If you are concerned about the height of the floor--there is a surface membrane called Ditra that only add 1/8"

Tile can be set directly to plywood--but a failure can easily occur if the floor ever gets soaked by a forgoten shower curtain or an overflowing toilet--
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Old 06-25-2012, 09:20 PM   #7
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How to put down bathroom tile correctly


Hold your horses by golly!

Let's back up a bit.

If this floor is like the one in my home, the particle board is over 5/8" sheathing. So she won't need 3/4 plywood over the 5/8", rather 1/2" would do it, then the tilebacker.

But the question which needs to be answered first is the one which was initially presented: What size, span, and spacing are the floor joists? No sense in talking about the subfloor if the joists will never allow tile to be laid.
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Old 06-25-2012, 09:48 PM   #8
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How to put down bathroom tile correctly


it's a bathroom so most likely it's 16 oc the question is can you put full ply sheets down if not you will have to stagger them correctly on the joists.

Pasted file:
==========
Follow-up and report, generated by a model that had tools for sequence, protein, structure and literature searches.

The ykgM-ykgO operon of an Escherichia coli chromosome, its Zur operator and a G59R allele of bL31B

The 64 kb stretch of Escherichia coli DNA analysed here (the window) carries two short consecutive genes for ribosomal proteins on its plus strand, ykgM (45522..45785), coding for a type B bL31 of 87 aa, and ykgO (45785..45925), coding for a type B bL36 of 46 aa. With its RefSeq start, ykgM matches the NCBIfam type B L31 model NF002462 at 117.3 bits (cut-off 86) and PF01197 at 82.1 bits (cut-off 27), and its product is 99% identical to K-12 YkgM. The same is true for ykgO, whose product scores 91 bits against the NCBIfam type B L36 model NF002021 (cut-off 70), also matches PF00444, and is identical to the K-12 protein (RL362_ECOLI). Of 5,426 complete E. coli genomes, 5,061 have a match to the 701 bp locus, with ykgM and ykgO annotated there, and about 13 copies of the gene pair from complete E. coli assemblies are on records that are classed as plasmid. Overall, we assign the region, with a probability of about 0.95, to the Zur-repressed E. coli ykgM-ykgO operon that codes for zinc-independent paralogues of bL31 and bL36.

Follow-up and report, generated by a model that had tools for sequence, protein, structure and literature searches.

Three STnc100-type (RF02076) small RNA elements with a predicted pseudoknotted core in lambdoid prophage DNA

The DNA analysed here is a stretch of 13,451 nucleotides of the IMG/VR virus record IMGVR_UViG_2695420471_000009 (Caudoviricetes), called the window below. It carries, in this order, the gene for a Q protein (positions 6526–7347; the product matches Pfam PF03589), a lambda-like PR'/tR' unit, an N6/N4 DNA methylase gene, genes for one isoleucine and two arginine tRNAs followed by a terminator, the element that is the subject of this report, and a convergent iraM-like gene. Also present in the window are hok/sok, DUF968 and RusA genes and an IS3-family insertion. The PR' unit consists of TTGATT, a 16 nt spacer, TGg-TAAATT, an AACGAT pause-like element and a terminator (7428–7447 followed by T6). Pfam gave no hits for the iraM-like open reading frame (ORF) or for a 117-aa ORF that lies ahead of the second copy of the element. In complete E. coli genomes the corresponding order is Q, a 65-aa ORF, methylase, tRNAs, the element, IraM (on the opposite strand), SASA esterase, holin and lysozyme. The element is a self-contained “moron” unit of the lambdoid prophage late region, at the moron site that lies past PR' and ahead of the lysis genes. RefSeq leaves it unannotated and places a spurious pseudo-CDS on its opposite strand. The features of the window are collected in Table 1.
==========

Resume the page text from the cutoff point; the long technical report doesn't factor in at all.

No less the 3/4" ply wood and I'd remove the particle board if it was me its senseless to have that in any bathroom.
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Old 06-26-2012, 06:27 AM   #9
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Wood moves a lot and tile doesn't--so having a concrete backer board offers the safest material to bond the tile to.

If you are concerned about the height of the floor--there is a surface membrane called Ditra that only add 1/8"

Tile can be set directly to plywood--but a failure can easily occur if the floor ever gets soaked by a forgoten shower curtain or an overflowing toilet--
I will definitely either put down the concrete backer board, but I will look into the Ditra first....I am so thankful to all of you for helping me...I would have been a mess if it wasn't for you guys on this site.
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Old 06-26-2012, 06:40 AM   #10
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I will look up what that means..i.e. size, span and spacing of the joists and what joists are on the internet today and then bring it back to this site....boy I took on a biggie...I thought it would be easy since it was only and 8x8 foot floor and I had 12x12 tiles.....WRONG....put I will learn with all your help, and the next one I will have all your notes tagged in a spread sheet for further projects so I will know how to do it. Thanks again guys.
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Old 06-26-2012, 11:44 AM   #11
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What was the flooring previously?

We had tile up in our full bath but it was those small square ones. We popped those up and laid 12x12 tiles...been like that for 6 years and still going strong.

We plan to do the same with the other bath in a few weeks.

If tile was already in your bath I wouldn't worry much about span..joists, etc.

But if you didn't have tile there already then listen to the other posts.